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Learning to quit smoking

My first puffs at 16 were all about smooth moves, fashion statements and rebellion. The hard part came later.

July 09, 2009|Jaime O'Neill | Jaime O'Neill is a writer in Northern California.

"I constantly struggle with it [smoking]. Have I fallen off the wagon sometimes? Yes."

-- President Obama, June 23, 2009

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I started smoking when I was 16, pilfering cigarettes from my mother's purse or swiping unfiltered Pall Malls whenever my dad left his opened pack untended. Then I got a job that summer and began buying my own -- Newports with menthol and filters, a brand preferred by all the young tobacco initiates I had begun to share my habit with.

The rituals of smoking were many, and we adopted them all, along with the identity they gave us, the new sense of ourselves as grown-ups, even if we were faking it, aping our elders as a means of proclaiming our difference from them -- a neat trick.

We'd all strike poses learned from the movies, or practice smooth moves in the art of lighting up. We studied how to flip away a cigarette butt in a gesture of defiant insouciance, or how to cup a cigarette against the wind. We learned how to light one cigarette from another, or to light one from a gas stove without singeing our hair. We taught ourselves how to blow smoke rings.

Some of us made a fashion statement by enfolding a cigarette pack in the sleeve of a T-shirt, and others thought it a mark of adolescent elegance to cock a cigarette behind one's ear.

We also picked up courting practices that included the touch of a hand as we lighted cigarettes for our girlfriends. We attempted to look sensitive in the way we pulled smoke into our lungs ever so contemplatively, then exhaling slowly, desperately trying to impress.

Those first cigarettes I smoked would lead to a couple hundred thousand more, consumed over more than 30 years, long after any of it seemed cool, and much past the time when smoking was a choice. What began as a desire for acceptance and admission to adulthood became the mark of a pariah, bearing the stamp of loserdom, as smokers huddled near the entrances to our workplaces. We'd take quick drags on our illicit smokes while colleagues exited and entered the buildings with looks of disdain or beleaguered tolerance for our pathetic need.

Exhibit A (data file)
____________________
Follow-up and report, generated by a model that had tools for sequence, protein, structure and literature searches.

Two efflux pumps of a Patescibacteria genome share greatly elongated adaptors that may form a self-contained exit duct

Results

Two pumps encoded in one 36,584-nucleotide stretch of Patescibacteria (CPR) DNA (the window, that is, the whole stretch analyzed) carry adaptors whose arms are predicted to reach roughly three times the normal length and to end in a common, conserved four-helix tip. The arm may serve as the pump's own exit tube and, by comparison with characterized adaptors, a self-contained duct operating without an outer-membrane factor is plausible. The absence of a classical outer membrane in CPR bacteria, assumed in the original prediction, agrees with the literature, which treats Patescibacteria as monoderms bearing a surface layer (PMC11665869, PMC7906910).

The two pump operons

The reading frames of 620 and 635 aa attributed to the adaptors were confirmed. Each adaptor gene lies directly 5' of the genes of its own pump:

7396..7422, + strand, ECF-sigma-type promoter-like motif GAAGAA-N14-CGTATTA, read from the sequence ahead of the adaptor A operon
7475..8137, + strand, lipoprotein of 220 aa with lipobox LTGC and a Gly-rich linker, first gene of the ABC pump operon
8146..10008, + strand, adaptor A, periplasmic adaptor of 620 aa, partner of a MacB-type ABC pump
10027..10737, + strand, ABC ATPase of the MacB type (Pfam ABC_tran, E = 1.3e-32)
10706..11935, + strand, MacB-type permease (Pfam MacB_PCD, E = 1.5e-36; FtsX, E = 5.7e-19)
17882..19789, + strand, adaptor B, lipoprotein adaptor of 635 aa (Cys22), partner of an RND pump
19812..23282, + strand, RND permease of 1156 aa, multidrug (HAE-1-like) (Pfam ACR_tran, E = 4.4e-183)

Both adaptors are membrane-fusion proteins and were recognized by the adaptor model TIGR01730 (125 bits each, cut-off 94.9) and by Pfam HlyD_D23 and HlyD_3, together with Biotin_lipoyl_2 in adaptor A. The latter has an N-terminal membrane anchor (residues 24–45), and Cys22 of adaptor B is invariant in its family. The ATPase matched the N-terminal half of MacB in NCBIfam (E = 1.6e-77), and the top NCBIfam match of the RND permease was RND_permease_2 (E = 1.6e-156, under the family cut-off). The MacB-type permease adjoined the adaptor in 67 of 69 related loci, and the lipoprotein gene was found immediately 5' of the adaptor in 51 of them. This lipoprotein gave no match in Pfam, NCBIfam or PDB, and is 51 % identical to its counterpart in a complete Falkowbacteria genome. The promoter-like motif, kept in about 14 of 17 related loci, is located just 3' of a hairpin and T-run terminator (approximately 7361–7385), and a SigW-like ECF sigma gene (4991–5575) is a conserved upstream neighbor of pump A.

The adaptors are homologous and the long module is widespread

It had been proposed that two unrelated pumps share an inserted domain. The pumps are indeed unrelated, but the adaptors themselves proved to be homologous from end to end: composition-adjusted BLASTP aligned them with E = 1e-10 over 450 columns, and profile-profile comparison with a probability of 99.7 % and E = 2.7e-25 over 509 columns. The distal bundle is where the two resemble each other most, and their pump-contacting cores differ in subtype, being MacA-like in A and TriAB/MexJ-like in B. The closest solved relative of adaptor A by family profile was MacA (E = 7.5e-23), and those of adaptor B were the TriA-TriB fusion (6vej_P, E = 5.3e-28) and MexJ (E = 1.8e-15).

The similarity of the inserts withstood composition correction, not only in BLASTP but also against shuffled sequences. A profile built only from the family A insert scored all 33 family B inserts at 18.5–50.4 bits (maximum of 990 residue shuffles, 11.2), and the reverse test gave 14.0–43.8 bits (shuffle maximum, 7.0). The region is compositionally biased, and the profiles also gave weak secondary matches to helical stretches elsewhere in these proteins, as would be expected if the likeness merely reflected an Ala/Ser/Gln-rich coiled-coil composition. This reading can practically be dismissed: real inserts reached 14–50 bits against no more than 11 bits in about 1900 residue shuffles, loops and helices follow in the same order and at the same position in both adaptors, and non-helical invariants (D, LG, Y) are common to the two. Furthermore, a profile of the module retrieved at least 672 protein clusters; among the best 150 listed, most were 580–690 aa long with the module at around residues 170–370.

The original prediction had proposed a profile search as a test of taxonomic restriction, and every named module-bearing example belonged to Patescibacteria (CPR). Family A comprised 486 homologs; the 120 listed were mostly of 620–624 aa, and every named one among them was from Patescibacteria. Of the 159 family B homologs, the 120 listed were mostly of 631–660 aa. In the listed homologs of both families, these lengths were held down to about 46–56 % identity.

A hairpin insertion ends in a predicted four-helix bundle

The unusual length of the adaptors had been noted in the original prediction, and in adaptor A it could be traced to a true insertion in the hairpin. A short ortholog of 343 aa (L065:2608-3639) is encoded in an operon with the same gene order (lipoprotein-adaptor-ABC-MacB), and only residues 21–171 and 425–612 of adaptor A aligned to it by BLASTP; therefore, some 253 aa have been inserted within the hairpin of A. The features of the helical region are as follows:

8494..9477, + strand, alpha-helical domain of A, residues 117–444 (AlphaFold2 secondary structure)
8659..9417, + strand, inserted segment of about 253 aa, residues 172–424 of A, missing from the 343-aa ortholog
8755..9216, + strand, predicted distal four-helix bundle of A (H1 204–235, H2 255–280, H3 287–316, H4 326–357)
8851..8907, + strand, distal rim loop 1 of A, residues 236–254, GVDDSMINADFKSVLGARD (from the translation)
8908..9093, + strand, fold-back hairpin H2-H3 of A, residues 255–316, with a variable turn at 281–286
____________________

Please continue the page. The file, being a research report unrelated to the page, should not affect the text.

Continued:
The arc of American tobacco addiction began during World War I, when doughboys fresh off the farms were given tobacco and rolling papers as part of their ration kits, an explicit government endorsement of a practice that I'm sure killed more of those young soldiers than enemy bullets ever would. My grandfather picked up the habit in uniform and passed it down to me -- as did guys such as Humphrey Bogart and a legion of other actors and writers of my granddad's generation who enshrined the practice as the hallmark of toughness or sophistication.

Women were taught to smoke largely as a means of weight control (perhaps that benefit is why our president is so elegantly slim). Thousands of ads from the 1920s through the '50s promised glamour and trim silhouettes to our grandmothers and mothers. Those ads helped persuade my mom to start smoking before she conceived me when she was 16, by which time she was already a nicotine addict. Even doctors joined in the campaign to get women to smoke, endorsing some brands over others and promising menstrual mood control and suppression of "nerves."

The social pressure to start smoking is less today than it was in Mom's day -- or mine -- but, every day, 3,500 Americans under 18 try their first cigarette, and 1,100 make it a habit, according to the American Cancer Society. Some are enticed by flavorings designed to attract the young. The tobacco bill passed last month bans most flavorings, though a political compromise exempted the one -- menthol -- that helped hook me. But overall, giving the federal government new powers to regulate tobacco is a good thing, likely to save lives.

Mark Twain famously said that quitting smoking was easy, that he'd "done it hundreds of times." I found it equally "easy," swearing off cancer sticks on an almost daily basis until I finally managed to smoke my last cigarette 15 years ago.

My mother quit a few months ago. It was "easy" for her too. She has lung cancer.

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